Modernism, American Literary Studies, and the Problem of Culture
Publication Year: 2013
The term "culture" has become ubiquitous in both academic and popular conversations, but its usefulness is a point of dispute. Taking the current shift from cultural studies to aesthetics as the latest form of this discussion, Eric Aronoff contends that in American modernism, the concepts of culture and of aesthetics have always been inseparable. The modernist concept of culture, he argues, arose out of an interdisciplinary dialogue about value, meaning, and form among social critics, artists, anthropologists, and literary critics, including figures as diverse as Van Wyck Brooks, Edward Sapir, Willa Cather, Lewis Mumford, John Crowe Ransom, Raymond Weaver, and Allen Tate. These figures proposed new ways to conceive of culture that intertwined theories of aesthetic and literary value with theories of national, racial, and regional identity. Through close readings, Aronoff shows that disciplines and approaches that are often thought of as opposed—cultural anthropology and aesthetics, American literary history and literary criticism, and multiculturalism and regionalism—are in fact engaged in common debate and proceed from shared arguments about culture and form.
Published by: University of Virginia Press
Series: Cultural Frames, Framing Culture
Title Page, Copyright
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...Over the course of this project’s development, I have benefited from the conversation, advice, and support of many colleagues and friends. I would particularly like to thank Eduardo Cadava, Brad Evans, Scott Herring, Myra Jehlen, Walter Johnston, Jack Kerkering, Walter Benn Michaels, Steve Rachman, Guy Reynolds, Eric Santner, Leif Sorensen, Michael Warner, and Glenn Wilmott, each of whom in their own ways contributed to the substance and form of this book...
Introduction: The Problem of Culture
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...In their recent survey of the state of literary studies, William B. Warner and Clifford Siskin argue that the time has come—as their title proclaims—for “stopping cultural studies.” For Warner and Siskin, the reason is straightforward: “culture is the problem with cultural studies” (104, emphasis in original). Before cultural studies, they claim, literary study struggled under the limitations of...
1. Van Wyck Brooks and Edward Sapir: Divided America and the Form of Genuine Culture
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...This chapter sets the context for what I argue is the interdisciplinary debate over culture in early American modernism, and it lays out several key contours of that debate—contours that will in different ways in different disciplinary arenas structure debates within modernist anthropology, literary criticism, and “Americanist” canon reformation. Specifically, I reveal the way in which the interdisciplinary...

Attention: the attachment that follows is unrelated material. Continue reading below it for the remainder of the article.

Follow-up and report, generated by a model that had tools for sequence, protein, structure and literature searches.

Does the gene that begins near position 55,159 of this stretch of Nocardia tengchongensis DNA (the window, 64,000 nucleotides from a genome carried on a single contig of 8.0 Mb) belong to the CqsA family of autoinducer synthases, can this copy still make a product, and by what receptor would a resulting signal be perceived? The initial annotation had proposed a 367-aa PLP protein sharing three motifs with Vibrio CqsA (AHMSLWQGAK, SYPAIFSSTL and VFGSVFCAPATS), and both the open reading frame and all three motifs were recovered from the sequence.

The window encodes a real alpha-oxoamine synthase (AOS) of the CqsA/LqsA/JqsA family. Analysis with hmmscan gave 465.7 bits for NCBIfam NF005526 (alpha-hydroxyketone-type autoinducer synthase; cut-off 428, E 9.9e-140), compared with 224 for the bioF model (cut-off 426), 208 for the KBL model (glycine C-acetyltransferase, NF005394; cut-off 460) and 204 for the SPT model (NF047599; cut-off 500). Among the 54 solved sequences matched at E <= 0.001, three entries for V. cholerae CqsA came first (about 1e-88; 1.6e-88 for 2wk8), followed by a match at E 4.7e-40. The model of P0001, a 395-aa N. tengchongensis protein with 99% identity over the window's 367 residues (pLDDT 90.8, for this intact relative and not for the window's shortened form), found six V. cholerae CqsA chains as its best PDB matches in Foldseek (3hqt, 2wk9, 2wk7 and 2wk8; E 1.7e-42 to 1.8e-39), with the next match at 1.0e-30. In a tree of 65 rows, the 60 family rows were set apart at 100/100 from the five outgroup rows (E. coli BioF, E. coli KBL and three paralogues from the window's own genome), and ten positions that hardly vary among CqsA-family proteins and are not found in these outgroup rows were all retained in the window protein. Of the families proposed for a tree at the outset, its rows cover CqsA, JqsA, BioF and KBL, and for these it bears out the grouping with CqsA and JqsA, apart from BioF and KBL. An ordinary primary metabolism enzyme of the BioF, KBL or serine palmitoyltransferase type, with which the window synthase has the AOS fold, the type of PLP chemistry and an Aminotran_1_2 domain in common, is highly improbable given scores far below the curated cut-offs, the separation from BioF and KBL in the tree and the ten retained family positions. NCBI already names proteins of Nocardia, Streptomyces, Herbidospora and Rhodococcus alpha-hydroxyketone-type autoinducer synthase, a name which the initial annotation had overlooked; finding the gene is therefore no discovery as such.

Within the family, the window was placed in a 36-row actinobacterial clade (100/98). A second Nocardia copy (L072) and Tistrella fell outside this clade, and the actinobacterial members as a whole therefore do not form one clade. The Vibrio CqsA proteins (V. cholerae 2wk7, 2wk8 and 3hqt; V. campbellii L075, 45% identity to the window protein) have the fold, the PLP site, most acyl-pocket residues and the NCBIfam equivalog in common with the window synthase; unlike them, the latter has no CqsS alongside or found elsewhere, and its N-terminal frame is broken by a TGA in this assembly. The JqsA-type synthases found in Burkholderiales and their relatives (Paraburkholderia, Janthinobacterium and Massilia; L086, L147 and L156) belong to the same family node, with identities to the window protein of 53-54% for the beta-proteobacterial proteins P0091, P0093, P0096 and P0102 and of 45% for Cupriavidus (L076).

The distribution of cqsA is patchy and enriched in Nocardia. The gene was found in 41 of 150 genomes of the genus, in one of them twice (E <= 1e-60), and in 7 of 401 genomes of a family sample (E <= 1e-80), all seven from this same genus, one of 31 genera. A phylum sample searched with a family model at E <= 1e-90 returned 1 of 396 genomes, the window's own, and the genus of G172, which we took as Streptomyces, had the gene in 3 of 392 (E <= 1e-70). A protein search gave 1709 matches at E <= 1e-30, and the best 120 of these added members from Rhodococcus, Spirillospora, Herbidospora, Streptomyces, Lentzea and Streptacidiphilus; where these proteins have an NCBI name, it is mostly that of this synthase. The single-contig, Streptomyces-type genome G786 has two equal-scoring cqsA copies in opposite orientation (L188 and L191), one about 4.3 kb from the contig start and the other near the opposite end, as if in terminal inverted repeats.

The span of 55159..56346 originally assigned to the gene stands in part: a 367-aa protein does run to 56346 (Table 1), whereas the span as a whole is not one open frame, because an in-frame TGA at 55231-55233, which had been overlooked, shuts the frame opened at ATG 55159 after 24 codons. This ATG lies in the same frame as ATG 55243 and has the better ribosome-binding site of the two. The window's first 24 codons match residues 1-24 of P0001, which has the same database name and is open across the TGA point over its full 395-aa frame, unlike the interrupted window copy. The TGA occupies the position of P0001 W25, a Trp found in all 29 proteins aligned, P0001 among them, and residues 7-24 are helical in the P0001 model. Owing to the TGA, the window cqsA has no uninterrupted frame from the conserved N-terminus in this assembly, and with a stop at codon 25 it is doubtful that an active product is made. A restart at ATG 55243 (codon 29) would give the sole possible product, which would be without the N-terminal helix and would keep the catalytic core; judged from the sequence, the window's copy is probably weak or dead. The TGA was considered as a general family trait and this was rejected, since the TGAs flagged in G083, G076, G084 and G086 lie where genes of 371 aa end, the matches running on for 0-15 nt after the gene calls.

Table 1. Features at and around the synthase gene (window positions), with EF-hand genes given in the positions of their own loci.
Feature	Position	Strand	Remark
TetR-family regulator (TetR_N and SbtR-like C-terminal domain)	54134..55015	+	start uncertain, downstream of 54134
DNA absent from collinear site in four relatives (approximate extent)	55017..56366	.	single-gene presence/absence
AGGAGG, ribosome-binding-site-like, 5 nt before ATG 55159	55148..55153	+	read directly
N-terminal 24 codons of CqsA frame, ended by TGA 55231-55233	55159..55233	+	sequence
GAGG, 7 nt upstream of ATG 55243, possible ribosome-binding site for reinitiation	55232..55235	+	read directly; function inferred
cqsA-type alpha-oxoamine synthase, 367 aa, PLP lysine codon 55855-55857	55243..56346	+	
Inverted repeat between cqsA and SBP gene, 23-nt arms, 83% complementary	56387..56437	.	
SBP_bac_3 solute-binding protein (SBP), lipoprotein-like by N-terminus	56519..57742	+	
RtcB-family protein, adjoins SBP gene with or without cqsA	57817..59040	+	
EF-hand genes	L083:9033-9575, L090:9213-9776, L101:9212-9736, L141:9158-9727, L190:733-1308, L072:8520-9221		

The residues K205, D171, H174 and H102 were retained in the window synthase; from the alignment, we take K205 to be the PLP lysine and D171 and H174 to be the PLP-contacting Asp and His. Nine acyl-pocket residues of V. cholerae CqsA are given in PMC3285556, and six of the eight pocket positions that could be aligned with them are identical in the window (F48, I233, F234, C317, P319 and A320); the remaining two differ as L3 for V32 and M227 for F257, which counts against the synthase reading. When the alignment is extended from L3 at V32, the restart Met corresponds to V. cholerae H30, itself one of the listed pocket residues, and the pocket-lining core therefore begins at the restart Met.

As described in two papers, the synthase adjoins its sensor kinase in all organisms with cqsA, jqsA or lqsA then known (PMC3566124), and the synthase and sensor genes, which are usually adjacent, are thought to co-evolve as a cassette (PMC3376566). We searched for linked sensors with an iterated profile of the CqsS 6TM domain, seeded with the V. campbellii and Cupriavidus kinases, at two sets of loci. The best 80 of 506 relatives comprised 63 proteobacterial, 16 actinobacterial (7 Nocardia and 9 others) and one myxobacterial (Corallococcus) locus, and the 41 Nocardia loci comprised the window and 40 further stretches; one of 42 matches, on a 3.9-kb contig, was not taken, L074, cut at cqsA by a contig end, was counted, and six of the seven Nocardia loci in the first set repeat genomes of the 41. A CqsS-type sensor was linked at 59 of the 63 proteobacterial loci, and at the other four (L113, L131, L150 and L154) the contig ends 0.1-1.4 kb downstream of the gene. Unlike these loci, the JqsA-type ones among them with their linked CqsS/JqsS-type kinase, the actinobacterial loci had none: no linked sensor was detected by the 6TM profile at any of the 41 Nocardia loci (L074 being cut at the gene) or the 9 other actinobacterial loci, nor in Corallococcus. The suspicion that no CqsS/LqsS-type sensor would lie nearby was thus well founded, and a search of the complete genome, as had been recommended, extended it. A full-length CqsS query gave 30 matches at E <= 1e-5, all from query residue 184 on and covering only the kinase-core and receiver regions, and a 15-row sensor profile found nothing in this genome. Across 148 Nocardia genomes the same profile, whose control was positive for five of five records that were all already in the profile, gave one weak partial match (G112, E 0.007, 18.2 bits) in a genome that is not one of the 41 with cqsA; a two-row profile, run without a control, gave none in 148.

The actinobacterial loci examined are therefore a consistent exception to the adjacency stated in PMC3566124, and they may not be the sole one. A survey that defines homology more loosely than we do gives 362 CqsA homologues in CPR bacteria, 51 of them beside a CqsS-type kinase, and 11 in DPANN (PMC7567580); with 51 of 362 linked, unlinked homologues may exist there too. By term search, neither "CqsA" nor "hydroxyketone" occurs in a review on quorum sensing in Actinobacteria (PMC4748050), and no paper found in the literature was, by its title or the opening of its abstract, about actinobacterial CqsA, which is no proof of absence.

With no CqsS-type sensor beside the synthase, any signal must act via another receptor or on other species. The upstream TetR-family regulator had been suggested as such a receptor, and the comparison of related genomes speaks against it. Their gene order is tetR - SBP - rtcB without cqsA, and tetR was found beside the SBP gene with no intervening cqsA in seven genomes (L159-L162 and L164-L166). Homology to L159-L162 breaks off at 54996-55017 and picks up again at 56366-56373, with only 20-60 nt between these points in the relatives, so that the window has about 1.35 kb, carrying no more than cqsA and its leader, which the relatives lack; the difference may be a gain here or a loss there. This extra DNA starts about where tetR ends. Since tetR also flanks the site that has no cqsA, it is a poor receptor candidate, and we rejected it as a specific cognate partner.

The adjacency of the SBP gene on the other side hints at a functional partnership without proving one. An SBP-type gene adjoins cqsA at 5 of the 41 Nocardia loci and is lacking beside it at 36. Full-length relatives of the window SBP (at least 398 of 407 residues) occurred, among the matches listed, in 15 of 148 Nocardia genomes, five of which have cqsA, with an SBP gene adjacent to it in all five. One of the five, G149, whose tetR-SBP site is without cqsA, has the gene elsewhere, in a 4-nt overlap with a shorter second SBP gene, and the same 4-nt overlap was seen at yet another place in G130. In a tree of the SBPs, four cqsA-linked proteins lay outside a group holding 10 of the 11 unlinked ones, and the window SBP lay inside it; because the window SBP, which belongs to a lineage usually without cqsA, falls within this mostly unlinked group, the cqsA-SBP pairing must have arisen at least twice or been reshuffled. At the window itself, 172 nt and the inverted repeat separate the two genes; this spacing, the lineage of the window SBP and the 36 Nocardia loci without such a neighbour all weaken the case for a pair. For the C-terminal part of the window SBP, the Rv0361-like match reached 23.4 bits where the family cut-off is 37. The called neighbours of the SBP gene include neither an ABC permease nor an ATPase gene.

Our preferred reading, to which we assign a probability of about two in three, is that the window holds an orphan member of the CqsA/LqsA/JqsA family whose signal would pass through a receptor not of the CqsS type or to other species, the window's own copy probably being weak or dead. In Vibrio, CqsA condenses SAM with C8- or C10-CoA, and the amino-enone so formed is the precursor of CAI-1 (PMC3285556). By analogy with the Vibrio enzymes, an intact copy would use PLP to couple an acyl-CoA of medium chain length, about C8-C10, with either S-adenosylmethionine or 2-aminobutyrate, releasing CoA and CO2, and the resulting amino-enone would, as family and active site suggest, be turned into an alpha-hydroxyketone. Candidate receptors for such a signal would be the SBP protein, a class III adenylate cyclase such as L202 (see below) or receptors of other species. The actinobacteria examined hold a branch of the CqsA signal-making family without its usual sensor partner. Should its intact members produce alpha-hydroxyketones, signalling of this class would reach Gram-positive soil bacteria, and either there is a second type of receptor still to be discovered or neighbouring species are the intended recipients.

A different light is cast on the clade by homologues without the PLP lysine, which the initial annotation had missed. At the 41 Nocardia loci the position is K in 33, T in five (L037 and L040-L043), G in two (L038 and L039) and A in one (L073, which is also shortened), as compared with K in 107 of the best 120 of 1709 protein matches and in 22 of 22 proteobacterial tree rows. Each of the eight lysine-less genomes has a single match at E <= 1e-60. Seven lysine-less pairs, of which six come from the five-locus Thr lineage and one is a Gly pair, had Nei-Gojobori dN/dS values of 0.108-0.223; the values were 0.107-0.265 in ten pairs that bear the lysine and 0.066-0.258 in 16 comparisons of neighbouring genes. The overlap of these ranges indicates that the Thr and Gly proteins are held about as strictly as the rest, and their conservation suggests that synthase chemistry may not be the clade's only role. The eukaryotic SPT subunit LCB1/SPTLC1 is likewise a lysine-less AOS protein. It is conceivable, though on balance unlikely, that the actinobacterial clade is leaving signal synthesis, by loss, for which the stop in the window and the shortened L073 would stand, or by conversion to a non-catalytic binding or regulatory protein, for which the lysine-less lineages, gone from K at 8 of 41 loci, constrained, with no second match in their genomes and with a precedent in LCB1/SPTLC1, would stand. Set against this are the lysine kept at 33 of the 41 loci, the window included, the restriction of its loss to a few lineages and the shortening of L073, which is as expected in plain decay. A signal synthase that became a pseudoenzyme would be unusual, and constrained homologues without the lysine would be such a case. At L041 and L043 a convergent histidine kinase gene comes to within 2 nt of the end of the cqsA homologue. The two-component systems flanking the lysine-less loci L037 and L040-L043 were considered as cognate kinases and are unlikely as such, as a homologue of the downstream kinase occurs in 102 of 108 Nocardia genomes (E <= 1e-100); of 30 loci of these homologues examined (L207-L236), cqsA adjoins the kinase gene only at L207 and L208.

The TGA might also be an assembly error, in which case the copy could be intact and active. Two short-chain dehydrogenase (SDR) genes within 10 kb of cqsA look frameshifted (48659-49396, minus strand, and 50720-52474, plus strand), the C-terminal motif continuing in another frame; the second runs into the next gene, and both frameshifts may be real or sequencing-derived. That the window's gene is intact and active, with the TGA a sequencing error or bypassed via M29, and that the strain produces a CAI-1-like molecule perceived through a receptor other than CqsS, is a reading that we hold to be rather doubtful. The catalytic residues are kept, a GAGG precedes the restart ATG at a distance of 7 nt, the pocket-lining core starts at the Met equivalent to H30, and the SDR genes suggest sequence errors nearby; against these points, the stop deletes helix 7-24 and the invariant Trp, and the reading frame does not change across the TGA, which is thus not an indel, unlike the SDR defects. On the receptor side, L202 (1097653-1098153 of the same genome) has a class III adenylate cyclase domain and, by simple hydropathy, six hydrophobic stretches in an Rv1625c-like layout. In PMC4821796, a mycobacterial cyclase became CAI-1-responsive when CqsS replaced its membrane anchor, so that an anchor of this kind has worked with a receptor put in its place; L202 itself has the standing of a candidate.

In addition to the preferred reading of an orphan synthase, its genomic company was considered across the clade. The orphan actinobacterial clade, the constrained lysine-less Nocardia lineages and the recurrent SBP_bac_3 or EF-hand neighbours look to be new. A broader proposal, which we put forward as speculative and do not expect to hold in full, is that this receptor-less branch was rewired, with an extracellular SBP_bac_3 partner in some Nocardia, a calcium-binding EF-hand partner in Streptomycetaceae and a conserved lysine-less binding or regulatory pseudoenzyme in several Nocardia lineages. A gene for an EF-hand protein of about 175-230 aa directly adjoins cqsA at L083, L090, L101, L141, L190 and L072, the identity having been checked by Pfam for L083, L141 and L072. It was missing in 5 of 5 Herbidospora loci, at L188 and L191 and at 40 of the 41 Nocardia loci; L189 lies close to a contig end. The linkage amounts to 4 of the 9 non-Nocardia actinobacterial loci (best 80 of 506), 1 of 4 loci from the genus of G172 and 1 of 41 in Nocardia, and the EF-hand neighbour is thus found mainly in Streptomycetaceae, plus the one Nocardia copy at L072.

2. Possessing Culture: Willa Cather’s Aesthetic of Culture in The Song of the Lark and The Professor’s House
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...Cather’s description of the “great cosmopolitan country known as the Middle-West” was less a contribution to a unifying vision of “these United States,” and more a description of a transnational, polyglot region defined by its differences from the rest of the country. Reflecting what I have been arguing are emerging modernist versions of cultural pluralism—articulated in various ways by humanist critics like Van Wyck Brooks, Randolph...
3. Cultures, Canons, and Cetology: Modernist Culture and the Melville Revival
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...nineteenth-century definitions of culture as a general process of development or refinement intertwined with new competing definitions of culture as “whole,” “meaningful” ways of life. As American intellectuals struggled to come to terms with the rapid economic, technological, and social changes of the century’s first decades...
4. Recovering the Whole: Culture, Region, and Poetry in the Literary Criticism of John Crowe Ransom and Allen Tate
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...In his essay “Literature as Knowledge” (1941), Allen Tate tellingly begins his survey of recent semiotic and psychological theories of language not with a discussion of semiotics or psychology, but with a discussion of “culture”—specifically, the “Culture” of Matthew Arnold. Faced with “the accumulating body of the inert...
Conclusion: Composing Critical Cultures
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...for American modernism between 1915 and 1941—a problematic that not only shaped the literary and other artistic compositions we think of as “modernist,” but also crucially shaped, in complexly parallel ways, the disciplines of anthropology, literary criticism, and American literary history as they emerged in their modern forms. As a problematic, or an orienting cluster of questions...
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Page Count: 240
Publication Year: 2013
Series Title: Cultural Frames, Framing Culture